Is there a regulatory or statutory requirement for the Contracting Officer to ensure and document compliance with this clause post-award? Or is this clause, like many others, the Contracting Officer's authority to demand compliance if he/she suspects a firm is a pass-through?
The monitoring compliance with limitations on subcontracting is the responsibility of the contracting officer, SBA is committed to working closely with the Office.
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After research, the following was found that in The Federal Register about the topic, there are the comments received on the proposed and the interim rule which was effective June 30, 2016.
SBA received several comments in response to its request for comments on whether prime contractors should be required to report to the contracting officer on their compliance with the limitations on subcontracting. Eight commenters supported mandatory compliance reporting, and five of those commenters recommended that the reporting be made at the end of the contract term. Three of the supportive commenters recommended compliance reporting on a quarterly or annual basis. Three commenters opposed mandatory compliance reporting because it would be too burdensome on small business concerns. One commenter suggested that SBA use its auditing and investigating authority to determine compliance rather than requiring contractors to report their compliance. Another commenter suggested that the only necessary compliance reporting should be made in the offer.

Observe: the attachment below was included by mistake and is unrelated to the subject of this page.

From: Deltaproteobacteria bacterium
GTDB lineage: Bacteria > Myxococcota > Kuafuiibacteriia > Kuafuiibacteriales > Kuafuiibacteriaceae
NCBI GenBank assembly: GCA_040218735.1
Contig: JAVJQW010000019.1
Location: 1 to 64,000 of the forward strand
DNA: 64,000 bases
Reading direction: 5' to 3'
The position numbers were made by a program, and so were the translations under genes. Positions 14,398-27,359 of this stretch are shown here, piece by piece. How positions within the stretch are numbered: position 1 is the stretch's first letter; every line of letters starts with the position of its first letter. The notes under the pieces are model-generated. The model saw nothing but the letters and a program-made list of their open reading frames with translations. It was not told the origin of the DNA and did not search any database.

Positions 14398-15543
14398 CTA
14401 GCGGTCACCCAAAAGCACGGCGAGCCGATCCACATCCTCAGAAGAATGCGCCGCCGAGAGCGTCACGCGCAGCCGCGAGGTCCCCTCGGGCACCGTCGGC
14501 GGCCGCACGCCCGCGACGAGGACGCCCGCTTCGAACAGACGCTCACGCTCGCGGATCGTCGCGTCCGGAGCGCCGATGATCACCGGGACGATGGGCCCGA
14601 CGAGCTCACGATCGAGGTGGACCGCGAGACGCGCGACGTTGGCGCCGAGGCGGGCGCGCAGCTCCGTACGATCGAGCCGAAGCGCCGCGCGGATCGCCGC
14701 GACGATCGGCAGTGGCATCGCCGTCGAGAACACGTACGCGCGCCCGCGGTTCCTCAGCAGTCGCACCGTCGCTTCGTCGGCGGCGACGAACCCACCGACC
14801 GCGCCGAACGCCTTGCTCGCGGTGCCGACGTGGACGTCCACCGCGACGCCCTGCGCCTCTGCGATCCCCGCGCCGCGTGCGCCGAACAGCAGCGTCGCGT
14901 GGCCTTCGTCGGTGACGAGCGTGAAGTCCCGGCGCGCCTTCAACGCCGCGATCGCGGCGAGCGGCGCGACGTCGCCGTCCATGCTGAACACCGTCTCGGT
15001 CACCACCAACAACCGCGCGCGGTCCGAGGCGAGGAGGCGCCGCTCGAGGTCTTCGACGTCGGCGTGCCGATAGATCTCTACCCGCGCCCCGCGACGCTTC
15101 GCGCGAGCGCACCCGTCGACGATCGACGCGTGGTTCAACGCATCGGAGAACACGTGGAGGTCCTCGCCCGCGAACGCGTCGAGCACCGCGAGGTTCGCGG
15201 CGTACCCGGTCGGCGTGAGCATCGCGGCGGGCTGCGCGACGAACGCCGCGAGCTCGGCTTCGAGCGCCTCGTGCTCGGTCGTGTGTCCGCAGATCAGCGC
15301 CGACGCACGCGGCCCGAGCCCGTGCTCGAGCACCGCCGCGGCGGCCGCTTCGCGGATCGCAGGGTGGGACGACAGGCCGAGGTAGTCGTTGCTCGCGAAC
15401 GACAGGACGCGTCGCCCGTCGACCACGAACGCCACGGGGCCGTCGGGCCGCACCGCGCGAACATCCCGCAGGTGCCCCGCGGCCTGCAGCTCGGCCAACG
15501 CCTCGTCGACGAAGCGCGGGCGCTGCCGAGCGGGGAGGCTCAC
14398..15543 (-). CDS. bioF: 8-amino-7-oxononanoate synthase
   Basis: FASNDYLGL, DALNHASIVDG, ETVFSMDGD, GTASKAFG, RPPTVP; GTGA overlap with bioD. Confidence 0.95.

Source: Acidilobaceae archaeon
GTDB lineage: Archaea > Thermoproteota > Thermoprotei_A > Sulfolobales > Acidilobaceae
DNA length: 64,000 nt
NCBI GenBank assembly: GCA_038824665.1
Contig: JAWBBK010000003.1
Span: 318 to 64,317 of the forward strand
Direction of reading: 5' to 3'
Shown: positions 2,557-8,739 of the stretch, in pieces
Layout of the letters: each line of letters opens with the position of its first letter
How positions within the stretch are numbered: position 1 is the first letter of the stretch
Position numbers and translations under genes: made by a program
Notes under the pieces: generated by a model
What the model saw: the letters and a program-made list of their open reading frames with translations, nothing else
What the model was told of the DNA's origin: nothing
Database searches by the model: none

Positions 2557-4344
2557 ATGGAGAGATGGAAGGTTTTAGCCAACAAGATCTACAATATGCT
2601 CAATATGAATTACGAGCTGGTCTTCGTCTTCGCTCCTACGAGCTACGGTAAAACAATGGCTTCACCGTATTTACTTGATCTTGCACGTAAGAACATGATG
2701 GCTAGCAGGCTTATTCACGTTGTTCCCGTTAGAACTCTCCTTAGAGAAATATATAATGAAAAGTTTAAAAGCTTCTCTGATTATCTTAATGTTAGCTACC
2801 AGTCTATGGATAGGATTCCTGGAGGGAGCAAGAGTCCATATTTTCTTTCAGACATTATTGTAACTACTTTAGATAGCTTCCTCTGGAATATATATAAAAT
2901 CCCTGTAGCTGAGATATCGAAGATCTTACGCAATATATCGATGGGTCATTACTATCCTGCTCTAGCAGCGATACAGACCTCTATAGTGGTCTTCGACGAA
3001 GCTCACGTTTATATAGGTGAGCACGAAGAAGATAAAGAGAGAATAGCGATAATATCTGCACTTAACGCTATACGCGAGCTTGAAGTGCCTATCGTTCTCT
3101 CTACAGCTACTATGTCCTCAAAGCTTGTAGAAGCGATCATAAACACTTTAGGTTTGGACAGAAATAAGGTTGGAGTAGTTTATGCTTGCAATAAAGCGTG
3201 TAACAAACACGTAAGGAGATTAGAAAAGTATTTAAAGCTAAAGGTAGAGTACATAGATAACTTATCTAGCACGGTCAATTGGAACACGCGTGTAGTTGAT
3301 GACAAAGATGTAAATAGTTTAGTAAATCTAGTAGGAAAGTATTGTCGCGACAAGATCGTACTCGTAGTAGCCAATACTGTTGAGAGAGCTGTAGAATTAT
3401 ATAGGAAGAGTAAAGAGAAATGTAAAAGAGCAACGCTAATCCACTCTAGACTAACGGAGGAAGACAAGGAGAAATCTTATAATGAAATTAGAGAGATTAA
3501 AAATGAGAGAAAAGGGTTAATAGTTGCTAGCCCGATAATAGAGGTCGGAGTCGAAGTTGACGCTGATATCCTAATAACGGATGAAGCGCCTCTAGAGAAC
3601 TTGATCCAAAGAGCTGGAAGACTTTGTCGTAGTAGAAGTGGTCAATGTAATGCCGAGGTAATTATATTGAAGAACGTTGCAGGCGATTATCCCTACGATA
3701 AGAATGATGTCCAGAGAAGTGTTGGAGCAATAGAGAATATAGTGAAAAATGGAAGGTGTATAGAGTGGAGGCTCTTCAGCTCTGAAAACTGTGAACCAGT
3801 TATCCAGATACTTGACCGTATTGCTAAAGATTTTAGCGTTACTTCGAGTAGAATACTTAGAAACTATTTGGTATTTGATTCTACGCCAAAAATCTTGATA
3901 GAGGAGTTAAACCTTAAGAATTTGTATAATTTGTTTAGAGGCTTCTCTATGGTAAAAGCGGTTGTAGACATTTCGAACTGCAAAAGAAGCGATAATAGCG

In addition to the requirement for a written agreement, SBA also proposed to require compliance reporting from small business concerns that rely on similarly situated entities to meet their performance obligations under a set aside contract. Notably, SBA did not propose to require compliance reporting from all small business concerns (i.e., firms that do not rely on similarly situated small business concerns to meet their performance obligations). Upon further review, SBA believes that this proposal would create a disincentive to utilize this new statutory authority. Compliance reporting was not required by the statute, and in fact, reliance on similarly situated entities to help meet their performance requirements actually makes it easier these firms to comply with their obligations. Moreover, requiring a prime contractor to report on compliance with the limitations on subcontracting when it uses one or more similarly situated entities could hamper flexibility for firms during contract performance. For example, a firm may initially intend to comply on its own, but may find during contract performance that it must rely on one or more similarly situated subcontractors to meet its performance obligations. In addition, a firm may intend to use one or more similarly situated entities to help it meet its performance obligations, but then may decide during contract performance that it will perform all of the required work with its own employees. These practical realities have led us to remove the compliance reporting requirement with respect to similarly situated entities. SBA may, in the future, propose a rule that requires compliance reporting from all small business concerns, not just those that rely on similarly situated entities. However, such a change would require notice and a request for public comment that is not part of this rulemaking.